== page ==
Chapter 13 allows people with a steady income to keep
property, like a mortgaged house or a car that they might otherwise lose
through the bankruptcy process. In Chapter 13, the court approves a repayment
plan that allows you to use your future income to pay off your debts during a
three-to-five-year period, rather than surrender any property. After you have
made all the payments under the plan, you receive a discharge of your debts.
Chapter 7 is known as straight bankruptcy, and involves
liquidation of all assets that are not exempt. Exempt property may include
automobiles, work-related tools, and basic household furnishings. Some of your
property may be sold by a court-appointed official – a trustee – or turned over
to your creditors. You must wait 8 years after receiving a discharge in Chapter
7 before you can file again under that chapter. The Chapter 13 waiting period
is much shorter and can be as little as two years between filings.
Both types of bankruptcy may get rid of unsecured debts and
stop foreclosures, repossessions, garnishments and utility shut-offs, and debt
collection activities. Both also provide exemptions that allow people to keep
certain assets, although exemption amounts vary by state.
Note that personal bankruptcy usually does not erase child
support, alimony, fines, taxes, and some student loan obligations. And, unless
you have an acceptable plan to catch up on your debt under Chapter 13,
bankruptcy usually does not allow you to keep property when your creditor has
an unpaid mortgage or security lien on it.
You must get credit counseling from a government-approved
organization within six months before you file for any bankruptcy relief. You
can find a state-by-state list of government-approved organizations at www.justice.gov/ust.
That is the website of the U.S. Trustee Program, the
organization within the U.S. Department of Justice that supervises bankruptcy
cases and trustees. Also, before you file a Chapter 7 bankruptcy case, you must
satisfy a “means test.” This test requires you to confirm that your income does
not exceed a certain amount. The amount varies by state and is publicized by
the U.S. Trustee Program at www.justice.gov/ust.
Turning to a business that offers help in solving debt
problems may seem like a reasonable solution when your bills become
unmanageable. But before you do business with any company, check it out with
the Bureau of Consumer Protection and the Better Business Bureau. We can tell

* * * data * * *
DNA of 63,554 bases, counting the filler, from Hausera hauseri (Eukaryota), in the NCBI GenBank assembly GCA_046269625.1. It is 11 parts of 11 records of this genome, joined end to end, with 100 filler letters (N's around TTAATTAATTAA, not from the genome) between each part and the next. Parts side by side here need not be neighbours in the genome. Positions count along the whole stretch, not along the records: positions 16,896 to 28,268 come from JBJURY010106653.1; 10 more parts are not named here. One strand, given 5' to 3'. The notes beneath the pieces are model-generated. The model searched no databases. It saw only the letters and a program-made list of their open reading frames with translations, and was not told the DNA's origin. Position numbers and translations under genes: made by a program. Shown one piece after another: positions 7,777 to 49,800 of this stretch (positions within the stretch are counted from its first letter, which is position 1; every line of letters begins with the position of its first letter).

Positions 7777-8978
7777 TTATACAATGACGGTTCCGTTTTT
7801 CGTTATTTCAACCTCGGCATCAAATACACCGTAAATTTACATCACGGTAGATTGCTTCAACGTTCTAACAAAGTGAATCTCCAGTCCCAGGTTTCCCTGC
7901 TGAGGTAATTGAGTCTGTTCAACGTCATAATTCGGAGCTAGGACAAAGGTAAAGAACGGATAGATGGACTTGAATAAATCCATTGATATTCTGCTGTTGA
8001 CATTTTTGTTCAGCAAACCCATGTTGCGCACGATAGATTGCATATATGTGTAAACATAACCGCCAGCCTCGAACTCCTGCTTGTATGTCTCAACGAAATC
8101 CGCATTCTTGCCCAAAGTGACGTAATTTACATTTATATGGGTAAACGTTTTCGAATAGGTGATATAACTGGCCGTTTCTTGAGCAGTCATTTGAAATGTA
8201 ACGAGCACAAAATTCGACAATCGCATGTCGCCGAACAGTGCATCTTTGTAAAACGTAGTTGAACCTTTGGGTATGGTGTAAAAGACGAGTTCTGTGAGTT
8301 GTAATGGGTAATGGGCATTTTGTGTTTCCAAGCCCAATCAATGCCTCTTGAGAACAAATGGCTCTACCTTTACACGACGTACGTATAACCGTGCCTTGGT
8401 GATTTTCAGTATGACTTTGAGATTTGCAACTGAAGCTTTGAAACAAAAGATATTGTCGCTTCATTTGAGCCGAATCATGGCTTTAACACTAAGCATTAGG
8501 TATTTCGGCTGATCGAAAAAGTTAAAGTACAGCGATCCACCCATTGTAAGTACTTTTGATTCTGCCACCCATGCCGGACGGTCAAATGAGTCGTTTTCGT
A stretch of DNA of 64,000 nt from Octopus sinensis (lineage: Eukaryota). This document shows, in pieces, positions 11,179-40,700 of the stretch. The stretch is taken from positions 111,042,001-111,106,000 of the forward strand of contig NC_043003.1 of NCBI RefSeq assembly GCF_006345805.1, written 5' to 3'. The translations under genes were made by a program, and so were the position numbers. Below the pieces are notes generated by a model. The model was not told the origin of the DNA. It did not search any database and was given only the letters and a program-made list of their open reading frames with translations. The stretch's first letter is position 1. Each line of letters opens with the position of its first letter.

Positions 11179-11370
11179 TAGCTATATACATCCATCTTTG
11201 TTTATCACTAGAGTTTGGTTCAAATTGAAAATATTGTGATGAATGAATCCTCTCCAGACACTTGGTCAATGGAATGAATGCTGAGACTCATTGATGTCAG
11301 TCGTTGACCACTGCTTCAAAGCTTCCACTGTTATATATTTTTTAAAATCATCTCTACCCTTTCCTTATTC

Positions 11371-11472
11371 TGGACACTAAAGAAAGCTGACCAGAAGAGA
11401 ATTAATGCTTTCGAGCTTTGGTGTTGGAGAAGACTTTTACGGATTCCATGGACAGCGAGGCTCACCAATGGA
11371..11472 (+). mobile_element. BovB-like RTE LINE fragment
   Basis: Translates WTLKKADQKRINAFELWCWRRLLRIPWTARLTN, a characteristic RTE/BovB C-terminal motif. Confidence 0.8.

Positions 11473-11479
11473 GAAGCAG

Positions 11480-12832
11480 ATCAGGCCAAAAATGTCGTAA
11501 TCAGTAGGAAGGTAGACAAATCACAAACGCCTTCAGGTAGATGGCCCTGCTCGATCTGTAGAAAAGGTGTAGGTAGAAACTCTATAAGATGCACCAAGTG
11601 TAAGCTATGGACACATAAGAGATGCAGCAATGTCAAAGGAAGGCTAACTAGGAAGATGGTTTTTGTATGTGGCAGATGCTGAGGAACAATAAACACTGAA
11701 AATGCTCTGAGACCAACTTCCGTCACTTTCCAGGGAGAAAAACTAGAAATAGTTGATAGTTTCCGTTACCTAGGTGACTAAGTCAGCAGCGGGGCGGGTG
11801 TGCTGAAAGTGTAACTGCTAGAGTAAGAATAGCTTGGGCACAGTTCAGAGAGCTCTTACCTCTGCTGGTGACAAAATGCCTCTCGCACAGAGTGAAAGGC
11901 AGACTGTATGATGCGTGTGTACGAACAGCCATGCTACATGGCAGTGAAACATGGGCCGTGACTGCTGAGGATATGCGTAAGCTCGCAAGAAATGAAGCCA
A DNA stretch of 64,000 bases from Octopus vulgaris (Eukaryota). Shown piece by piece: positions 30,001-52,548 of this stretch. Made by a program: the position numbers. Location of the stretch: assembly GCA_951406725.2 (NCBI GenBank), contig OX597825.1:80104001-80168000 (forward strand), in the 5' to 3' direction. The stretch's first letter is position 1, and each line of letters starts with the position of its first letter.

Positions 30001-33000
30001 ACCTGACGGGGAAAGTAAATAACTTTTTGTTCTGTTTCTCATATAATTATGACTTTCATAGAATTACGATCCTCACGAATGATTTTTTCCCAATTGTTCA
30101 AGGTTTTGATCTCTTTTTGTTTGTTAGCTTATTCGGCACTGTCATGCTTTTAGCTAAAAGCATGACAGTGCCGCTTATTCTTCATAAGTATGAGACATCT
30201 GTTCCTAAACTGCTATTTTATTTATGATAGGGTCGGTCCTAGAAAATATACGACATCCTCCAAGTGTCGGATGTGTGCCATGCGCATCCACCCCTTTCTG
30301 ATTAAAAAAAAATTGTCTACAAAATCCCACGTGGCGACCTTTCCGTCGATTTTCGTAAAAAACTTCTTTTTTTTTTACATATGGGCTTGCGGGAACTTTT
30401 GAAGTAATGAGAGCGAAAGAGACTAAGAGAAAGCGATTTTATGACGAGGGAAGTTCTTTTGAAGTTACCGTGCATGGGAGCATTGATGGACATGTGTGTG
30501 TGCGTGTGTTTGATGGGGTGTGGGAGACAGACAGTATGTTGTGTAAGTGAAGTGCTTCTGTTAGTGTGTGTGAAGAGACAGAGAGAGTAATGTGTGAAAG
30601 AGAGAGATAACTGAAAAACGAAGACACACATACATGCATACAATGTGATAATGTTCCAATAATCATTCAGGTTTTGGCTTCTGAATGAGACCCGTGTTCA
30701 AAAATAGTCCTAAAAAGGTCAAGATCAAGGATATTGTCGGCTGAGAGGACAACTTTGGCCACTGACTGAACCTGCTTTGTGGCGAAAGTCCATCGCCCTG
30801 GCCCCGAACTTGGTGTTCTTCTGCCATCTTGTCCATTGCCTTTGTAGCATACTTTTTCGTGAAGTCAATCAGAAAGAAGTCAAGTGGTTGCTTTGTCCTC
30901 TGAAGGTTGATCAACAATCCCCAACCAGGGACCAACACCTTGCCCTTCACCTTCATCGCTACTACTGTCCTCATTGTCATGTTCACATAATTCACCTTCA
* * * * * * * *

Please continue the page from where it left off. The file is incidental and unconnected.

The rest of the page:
you if any consumer’s complaints are on file about the firm you are considering
doing business with.
Some businesses that offer to help you with your debt
problems may charge high fees and fail to follow through on the services they
sell. Others may misrepresent the terms of a debt consolidation loan, failing
to explain certain costs or mention that you are signing over your home as
collateral. Businesses advertising voluntary debt reorganization plans may not
explain that the plan is a bankruptcy filing, tell you everything that is
involved, or help you through what can be a long and complex process.
Advance fee loans
Some companies guarantee you a loan if you pay a fee in
advance. The fee may range from $100 to several hundred dollars. Resist the
temptation to follow up on these advance-fee loan guarantees.
They may be illegal. It is true that many legitimate
creditors offer extensions of credit through telemarketing and require an
application or appraisal fee in advance. But legitimate creditors never
guarantee that the consumer will get the loan – or even represent that a loan
Under the federal Telemarketing Sales Rule, a seller or
telemarketer who guarantees or represents a high likelihood of your getting a
loan or some other extension of credit may not ask for or accept payment until
you have received the loan.
You should be cautious of claims from so-called credit
repair clinics. Many companies appeal to consumers with poor credit histories,
promising to clean up credit reports for a fee. But you already have the right
to have any inaccurate information in your file corrected. And a credit repair
clinic cannot have accurate information removed from your credit report,
despite their promises. You also should know that federal and some state laws
prohibit these companies from charging you for their services until the
services are fully performed. Only time and a conscientious effort to repay
your debts will improve your credit report.
If you are thinking about getting help to stabilize your
financial situation, do some homework first. Find out what services a business
provides and what it costs, and do not rely on verbal promises. Get everything
in writing, and read your contracts carefully.
(Taken from the FTC fact sheet, “Coping with Debt”,